And also:

    "---any Model 26 after serial # 380 or so, are the best sounding ones,these were the predecessors of the very first strait tweed TV front Deluxe model of 1948,
    . . . . . .
    All of the early models have Leo's initials, also, some of the Z chasis models,after serial # 380 or so.I suspect that once solid production began, ( mid to late 1946 ) Leo and his small crew just concentrated on getting these incredible amps out to the general public,they did a great job."

    Which was all posted here:

    http://www.tdpri.com/forum/amp-cent...el-26-woody-wish-were-mine-3.html#post4868229
     
  19. creebobby

    creebobby TDPRI Member

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    Set is on the baY!

    The Woody Princeton and Steel are currently up for auction on the bay!

    A search of their completed items shows that they listed the amp last week with a BIN of $2500 and it sold! However they didn't mention in the listing that the pickup on the lap steel was rewound and so maybe the buyer backed out for that reason (?)

    The new listing is a three day auction with reserve.

    http://cgi.ebay.com/ws/eBayISAPI.dll?ViewItem&item=290960499463

    Here's some more info. from the listing about where the set came from:
    "Hello, this is Chazz at South Austin Music. First here is some history of the amplifier and steel. They came to us from a gentleman who purchased them from the original owner. The condition would imply this set was rarely used. The people we got the set from did not use or play the instrument so it's been described to us as basically a one owner instrument and amp pair bought at the same time. I updated the listing as there are some details that should be known about this instrument. The pickup was actually rebuilt with the original flatwork material and newspaper for the bobbin form, just like it was originally. It's an early pickup and the design has a louder 1st and 6th string. The original (to our eyes) cable will be re-soldered so this instrument can be played, but please note the early pickup will have a slightly uneven string balance. You may want to replace the pot if you wish to play this instrument. The amplifier, however, has remained untouched electronically and has no signs to us as ever being modified, maintained, or altered in any way. If we can help you determine this for yourself in any way, please let us know. There are not many amps around like this so we must assume the buyer or collector as the expert. My experience with vintage amps tells me this is stock (age of solder connections, nothing shiny, screws and bolts looked untouched when amp came into our store with no wear marks) but again, there isn't much documentation to tell me exactly how this amp should look. The face panel layout is different than some I've seen, but I believe this to be the nature of an early Fender amplifier undergoing revisions and changes. If we can answer any other questions please feel free to contact us! Our store phone number is 512-448-4992. My name is Chazz if I can be of any service to you. Thanks and happy bidding! Chazz @ SAM"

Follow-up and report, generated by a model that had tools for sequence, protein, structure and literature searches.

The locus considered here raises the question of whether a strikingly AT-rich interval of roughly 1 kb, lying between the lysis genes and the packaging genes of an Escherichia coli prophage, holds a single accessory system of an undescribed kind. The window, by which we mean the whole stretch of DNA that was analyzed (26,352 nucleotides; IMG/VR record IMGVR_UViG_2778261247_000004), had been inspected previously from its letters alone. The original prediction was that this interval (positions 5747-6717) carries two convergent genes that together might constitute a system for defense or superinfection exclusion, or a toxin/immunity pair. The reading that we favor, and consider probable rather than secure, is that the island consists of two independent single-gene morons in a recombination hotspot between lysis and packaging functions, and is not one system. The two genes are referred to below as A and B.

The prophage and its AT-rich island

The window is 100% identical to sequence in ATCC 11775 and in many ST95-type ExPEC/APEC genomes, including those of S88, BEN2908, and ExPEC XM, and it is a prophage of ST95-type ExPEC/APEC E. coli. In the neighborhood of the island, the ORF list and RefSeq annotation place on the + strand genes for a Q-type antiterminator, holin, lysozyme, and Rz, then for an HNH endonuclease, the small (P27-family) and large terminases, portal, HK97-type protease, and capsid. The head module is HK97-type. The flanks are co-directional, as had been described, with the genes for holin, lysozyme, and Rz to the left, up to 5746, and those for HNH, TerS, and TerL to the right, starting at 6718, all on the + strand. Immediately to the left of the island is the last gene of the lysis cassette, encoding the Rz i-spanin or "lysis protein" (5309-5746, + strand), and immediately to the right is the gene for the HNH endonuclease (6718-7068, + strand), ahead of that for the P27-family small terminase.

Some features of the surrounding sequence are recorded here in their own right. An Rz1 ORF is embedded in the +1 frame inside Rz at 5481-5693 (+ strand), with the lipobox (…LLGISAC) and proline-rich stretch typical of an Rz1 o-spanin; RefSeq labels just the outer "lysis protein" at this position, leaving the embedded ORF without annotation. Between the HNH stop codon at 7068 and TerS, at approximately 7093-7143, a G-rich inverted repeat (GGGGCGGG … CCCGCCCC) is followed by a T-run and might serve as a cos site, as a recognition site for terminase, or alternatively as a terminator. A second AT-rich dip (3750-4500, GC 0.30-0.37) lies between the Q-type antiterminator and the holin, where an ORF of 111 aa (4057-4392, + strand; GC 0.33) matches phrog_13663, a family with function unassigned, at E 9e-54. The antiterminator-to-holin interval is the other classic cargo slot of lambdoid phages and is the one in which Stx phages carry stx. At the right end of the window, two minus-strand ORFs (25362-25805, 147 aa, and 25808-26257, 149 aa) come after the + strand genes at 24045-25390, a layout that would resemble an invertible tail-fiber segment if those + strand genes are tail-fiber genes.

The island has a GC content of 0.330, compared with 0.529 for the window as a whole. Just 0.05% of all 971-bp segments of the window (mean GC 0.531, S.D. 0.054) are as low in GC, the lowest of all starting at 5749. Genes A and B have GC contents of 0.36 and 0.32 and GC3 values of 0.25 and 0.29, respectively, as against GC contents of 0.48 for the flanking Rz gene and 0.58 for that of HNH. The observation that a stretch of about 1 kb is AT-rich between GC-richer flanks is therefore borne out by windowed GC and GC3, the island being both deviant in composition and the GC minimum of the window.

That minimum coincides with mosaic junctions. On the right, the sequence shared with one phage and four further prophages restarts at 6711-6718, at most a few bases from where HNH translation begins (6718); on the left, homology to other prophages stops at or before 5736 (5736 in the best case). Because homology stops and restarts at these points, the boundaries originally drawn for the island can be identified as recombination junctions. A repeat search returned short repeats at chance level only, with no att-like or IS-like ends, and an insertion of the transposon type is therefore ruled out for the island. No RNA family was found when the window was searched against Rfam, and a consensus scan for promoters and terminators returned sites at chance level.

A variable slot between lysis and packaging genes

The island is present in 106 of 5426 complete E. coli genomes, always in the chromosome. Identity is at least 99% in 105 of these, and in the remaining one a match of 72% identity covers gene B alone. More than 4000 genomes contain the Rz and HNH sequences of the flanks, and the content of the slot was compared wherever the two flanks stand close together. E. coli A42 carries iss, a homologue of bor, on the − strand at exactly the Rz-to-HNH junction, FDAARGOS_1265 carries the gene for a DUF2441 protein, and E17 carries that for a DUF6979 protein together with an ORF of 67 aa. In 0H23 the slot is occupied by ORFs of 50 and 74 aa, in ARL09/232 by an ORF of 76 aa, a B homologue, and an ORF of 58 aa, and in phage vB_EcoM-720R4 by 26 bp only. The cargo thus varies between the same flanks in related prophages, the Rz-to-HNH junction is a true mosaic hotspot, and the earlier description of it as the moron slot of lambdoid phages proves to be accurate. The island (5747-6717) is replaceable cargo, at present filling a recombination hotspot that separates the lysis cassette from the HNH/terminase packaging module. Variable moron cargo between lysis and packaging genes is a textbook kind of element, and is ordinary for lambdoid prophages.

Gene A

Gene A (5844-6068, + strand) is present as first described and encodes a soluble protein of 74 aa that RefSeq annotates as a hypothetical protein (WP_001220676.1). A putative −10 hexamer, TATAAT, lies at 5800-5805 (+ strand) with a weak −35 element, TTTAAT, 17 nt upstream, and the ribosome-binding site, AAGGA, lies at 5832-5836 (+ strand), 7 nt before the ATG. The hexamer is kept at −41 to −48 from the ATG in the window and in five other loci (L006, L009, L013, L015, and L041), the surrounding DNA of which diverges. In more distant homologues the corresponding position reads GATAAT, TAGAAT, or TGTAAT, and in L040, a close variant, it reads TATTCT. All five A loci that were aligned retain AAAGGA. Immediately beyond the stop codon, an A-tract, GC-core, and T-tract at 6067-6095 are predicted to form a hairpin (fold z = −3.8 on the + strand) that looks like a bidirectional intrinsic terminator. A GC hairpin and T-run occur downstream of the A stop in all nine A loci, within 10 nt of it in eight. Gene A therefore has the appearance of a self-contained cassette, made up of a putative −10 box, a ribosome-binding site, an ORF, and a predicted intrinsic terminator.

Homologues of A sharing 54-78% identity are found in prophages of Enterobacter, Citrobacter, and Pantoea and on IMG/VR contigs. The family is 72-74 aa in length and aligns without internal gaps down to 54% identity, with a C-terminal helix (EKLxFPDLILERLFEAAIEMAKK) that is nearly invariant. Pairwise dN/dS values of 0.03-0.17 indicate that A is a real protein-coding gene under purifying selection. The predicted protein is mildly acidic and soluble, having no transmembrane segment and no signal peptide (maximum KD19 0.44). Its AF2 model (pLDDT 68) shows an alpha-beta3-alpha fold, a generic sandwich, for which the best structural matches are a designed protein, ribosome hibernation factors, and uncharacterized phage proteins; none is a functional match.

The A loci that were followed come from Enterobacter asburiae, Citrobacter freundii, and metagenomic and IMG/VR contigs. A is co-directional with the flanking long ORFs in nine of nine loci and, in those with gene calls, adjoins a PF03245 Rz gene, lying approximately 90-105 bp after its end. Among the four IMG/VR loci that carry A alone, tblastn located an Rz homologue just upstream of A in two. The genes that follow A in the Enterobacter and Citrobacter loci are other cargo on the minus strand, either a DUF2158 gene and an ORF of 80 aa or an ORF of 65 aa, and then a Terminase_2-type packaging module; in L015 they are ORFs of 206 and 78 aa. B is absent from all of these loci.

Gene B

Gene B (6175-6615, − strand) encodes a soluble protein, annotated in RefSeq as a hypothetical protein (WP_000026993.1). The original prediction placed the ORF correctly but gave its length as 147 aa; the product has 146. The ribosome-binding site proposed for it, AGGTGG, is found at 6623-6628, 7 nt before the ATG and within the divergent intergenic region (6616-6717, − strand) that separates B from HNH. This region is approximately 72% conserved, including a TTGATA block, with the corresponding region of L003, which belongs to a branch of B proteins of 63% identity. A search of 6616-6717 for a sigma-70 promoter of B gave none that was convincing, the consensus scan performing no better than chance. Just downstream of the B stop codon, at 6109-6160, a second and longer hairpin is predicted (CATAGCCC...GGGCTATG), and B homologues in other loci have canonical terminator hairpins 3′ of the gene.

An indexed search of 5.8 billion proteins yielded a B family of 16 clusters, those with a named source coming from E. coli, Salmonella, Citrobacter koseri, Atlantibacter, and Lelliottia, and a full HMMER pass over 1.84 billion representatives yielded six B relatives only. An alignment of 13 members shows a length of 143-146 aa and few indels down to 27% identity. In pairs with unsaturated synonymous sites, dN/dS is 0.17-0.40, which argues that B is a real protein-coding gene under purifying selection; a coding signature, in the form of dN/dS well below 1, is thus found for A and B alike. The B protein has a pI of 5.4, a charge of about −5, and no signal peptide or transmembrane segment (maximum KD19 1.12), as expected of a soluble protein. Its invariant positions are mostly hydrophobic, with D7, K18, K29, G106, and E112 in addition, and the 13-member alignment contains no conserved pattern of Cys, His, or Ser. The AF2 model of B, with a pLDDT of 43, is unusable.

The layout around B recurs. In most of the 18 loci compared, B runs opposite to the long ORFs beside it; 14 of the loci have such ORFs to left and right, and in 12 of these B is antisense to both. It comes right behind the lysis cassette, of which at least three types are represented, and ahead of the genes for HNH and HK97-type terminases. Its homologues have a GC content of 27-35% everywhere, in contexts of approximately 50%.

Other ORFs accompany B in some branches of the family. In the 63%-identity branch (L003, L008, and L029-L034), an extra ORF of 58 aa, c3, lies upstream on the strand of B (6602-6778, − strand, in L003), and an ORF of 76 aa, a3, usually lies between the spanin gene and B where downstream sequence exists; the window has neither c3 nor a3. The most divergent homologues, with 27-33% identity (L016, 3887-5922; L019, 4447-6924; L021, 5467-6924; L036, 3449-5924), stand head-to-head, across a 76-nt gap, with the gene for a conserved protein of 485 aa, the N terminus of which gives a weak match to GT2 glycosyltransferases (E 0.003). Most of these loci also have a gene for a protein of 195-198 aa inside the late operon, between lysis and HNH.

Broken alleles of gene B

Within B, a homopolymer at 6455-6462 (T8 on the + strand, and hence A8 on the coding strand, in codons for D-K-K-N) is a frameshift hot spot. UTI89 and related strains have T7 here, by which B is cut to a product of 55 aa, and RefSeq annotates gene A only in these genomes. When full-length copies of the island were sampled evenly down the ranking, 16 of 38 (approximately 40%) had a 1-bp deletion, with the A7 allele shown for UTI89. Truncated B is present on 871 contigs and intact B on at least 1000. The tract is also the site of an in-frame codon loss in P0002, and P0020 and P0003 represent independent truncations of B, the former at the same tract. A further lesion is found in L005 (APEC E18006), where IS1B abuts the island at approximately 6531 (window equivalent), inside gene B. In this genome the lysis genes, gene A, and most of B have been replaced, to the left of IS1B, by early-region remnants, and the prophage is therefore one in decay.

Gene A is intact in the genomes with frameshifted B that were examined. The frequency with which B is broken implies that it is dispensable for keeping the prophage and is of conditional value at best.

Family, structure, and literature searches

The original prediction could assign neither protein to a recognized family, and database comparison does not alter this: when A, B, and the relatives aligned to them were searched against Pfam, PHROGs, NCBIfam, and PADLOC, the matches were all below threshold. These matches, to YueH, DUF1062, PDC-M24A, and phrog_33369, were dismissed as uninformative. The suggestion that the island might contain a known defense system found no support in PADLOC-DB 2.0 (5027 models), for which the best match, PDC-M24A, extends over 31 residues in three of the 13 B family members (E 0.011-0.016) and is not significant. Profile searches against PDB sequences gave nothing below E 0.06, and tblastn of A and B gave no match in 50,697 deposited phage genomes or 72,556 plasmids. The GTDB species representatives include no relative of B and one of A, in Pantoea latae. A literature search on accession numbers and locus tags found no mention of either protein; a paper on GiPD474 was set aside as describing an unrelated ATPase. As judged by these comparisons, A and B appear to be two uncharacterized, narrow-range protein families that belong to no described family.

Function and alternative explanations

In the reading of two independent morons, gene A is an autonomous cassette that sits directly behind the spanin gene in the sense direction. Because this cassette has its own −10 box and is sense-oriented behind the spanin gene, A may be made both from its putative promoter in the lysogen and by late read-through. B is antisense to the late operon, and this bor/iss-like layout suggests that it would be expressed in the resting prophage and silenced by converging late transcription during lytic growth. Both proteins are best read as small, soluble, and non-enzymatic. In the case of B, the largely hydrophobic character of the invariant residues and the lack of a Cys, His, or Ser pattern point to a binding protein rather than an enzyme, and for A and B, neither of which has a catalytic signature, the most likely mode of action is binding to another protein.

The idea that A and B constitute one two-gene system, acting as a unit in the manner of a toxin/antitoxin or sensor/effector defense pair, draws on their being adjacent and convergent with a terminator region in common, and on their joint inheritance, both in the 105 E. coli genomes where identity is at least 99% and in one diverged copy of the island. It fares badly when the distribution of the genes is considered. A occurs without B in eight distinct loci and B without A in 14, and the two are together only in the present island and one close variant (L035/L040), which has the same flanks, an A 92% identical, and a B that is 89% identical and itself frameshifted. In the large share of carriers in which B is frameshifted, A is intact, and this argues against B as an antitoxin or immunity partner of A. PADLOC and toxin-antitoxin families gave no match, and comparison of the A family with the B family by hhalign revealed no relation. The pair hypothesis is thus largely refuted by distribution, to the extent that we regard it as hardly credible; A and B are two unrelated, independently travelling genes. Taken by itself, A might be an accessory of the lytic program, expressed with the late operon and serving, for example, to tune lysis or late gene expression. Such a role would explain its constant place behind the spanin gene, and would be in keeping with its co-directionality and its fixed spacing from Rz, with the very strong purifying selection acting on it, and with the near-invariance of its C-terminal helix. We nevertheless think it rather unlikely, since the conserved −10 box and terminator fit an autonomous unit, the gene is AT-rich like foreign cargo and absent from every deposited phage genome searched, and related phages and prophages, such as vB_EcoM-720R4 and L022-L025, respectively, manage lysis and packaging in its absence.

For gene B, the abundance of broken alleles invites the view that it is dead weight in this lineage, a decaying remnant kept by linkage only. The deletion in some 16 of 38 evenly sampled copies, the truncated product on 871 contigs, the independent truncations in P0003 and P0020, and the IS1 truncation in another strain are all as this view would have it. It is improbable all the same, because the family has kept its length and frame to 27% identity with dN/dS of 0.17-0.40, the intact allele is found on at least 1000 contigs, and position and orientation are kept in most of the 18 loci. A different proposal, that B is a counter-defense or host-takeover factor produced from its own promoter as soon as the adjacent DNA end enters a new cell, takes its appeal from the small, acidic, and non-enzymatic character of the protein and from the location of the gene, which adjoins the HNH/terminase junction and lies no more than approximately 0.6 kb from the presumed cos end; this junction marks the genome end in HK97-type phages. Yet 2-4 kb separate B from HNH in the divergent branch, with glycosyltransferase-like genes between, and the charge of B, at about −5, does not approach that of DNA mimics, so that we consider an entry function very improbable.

20. creebobby

    creebobby TDPRI Member

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    I'm wondering if I shouldn't split my run of repro. cabinets between the three different sizes: 8", 10", 12"? I like the smallest version best but some people like themselves a big ol' speaker.

    Is there anyone with access to an original 'Deluxe' 10" Model 26 or a 'Pro' 12" Model 26 that could get me the following measurements?:

    1. Height and Width of the front baffle (opening minus 1/8" for fabric)
    2. Depth of the cabinet.
    3. Circumference of speaker hole
    4. Total width and maximum height of the handle
    5. Width of the wide and narrow chrome strips
    6. Space between the large and small chrome strips
    7. Height of the rear lower baffle.

    Everything else I think I could calculate from those measurements.